May 22, 2012 § Leave a comment
May 19, 2012 § Leave a comment
Something that’s connected, constructive, strategic and networked – the People’s Cube.
The people’s cube is on first sight solid and immovable from every way that you look at it. It has the simplicity and latent strength of a perfect molecular structure. Though in this case the molecules bonding together are symbolic of people standing together with their arms locked to form a symbol of strength and unity.
May 18, 2012 § Leave a comment
- Strong personal stories
- (Real!) young people leading the way
- Tangible, meaningful ask
- The word ‘imagine’ : )
May 17, 2012 § Leave a comment
As stars like Jay-Z and Will Smith come out to support Obama’s position supporting marriage equality, the question remains – how much do celebrities influence social change?
Kenneth Jost with CQ Press just released a fantastic whitepaper that explores the good, the bad and the ugly of celebrity advocacy. Full description below –
More and more, celebrities are using their star power to promote causes ranging from fighting poverty and protecting the environment to safeguarding human rights and working for world peace. More than 2,800 celebrities now support slightly more than 1,800 causes. In a celebrity-obsessed society, entertainers and athletes can help focus public attention on global trouble spots, raise funds for disaster relief or increase public awareness of little-known diseases or medical conditions. The idea of looking to celebrities to educate the public about important issues may seem paradoxical, but some celebrities work hard to master difficult issues. The singer Bono has met with world leaders on global poverty issues, for example, while actor George Clooney has helped document Sudan’s war against the breakaway state of South Sudan. Celebrity advocacy is likely to increase, experts say with social media such as Facebook and Twitter increasingly used to air views, raise money and engage supporters.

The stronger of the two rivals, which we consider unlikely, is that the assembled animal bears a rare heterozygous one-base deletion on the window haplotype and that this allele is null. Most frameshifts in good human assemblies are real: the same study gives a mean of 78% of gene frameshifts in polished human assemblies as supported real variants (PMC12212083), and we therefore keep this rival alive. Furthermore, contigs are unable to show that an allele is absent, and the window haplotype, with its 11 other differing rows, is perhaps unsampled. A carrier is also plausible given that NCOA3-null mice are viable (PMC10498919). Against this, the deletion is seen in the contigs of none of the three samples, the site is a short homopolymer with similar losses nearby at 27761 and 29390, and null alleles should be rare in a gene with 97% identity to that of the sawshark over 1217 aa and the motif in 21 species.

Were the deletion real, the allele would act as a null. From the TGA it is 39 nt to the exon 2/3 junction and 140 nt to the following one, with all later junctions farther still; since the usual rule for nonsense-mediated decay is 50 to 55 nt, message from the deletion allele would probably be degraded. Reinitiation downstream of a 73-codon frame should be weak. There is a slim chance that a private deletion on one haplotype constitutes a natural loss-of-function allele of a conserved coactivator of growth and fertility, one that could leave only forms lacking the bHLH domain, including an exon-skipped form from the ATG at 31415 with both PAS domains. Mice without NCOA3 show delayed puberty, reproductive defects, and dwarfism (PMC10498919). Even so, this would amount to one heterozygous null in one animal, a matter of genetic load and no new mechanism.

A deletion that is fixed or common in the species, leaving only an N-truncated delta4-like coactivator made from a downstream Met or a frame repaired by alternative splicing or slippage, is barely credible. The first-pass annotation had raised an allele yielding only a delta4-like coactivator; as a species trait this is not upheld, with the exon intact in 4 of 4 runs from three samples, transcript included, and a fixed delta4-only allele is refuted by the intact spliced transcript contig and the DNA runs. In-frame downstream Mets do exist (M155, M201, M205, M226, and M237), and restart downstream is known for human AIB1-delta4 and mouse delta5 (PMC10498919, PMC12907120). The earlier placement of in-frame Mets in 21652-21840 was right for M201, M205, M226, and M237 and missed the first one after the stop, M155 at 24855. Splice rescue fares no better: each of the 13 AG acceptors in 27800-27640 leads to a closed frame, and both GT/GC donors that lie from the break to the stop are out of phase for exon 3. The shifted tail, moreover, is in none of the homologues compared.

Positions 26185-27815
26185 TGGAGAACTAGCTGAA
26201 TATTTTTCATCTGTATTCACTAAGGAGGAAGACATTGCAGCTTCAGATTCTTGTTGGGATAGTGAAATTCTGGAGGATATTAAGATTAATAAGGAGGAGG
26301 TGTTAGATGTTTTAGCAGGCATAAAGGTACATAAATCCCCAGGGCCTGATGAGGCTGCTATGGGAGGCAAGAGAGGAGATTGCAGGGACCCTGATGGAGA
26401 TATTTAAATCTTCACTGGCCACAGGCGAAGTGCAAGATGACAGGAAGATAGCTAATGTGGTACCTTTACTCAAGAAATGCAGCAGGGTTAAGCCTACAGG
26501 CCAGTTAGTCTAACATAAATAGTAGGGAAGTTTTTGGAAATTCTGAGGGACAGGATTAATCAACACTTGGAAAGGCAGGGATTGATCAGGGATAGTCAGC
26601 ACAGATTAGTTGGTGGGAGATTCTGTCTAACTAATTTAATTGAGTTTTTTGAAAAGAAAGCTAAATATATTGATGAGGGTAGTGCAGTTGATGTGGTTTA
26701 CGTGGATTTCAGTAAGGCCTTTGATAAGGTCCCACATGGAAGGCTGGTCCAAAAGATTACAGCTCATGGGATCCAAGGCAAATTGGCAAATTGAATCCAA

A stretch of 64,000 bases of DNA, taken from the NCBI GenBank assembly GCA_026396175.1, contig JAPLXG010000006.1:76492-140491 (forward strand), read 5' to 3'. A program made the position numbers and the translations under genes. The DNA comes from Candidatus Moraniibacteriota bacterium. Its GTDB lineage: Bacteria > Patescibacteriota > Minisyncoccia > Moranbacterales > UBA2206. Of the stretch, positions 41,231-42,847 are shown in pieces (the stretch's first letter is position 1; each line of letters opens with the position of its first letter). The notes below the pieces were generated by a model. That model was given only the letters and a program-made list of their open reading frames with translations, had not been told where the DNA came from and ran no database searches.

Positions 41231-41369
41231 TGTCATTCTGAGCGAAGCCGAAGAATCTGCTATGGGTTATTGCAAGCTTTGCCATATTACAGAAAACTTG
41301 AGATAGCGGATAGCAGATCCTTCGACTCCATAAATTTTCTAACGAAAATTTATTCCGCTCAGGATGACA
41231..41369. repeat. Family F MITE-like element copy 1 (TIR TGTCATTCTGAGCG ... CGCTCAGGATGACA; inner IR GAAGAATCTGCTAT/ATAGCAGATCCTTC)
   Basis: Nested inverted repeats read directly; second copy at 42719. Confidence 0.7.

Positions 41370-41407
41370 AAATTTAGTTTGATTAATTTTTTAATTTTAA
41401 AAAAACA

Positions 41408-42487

May 16, 2012 § Leave a comment
May 15, 2012 § Leave a comment
Community means communion of heart and spirit; it is a network of relationships. This implies a response to the cry of our brothers and sisters, especially the poorest, the weakest, the most wounded, and a sense of responsibility for them. And this is demanding and disturbing. That is why it is very easy to replace relationships and the demands they bring with laws, rules and administrative devices. It is easier to obey a law than it is to love people. This is why some communities are swallowed up by rules and administration instead of growing in gratuite, welcome and gift.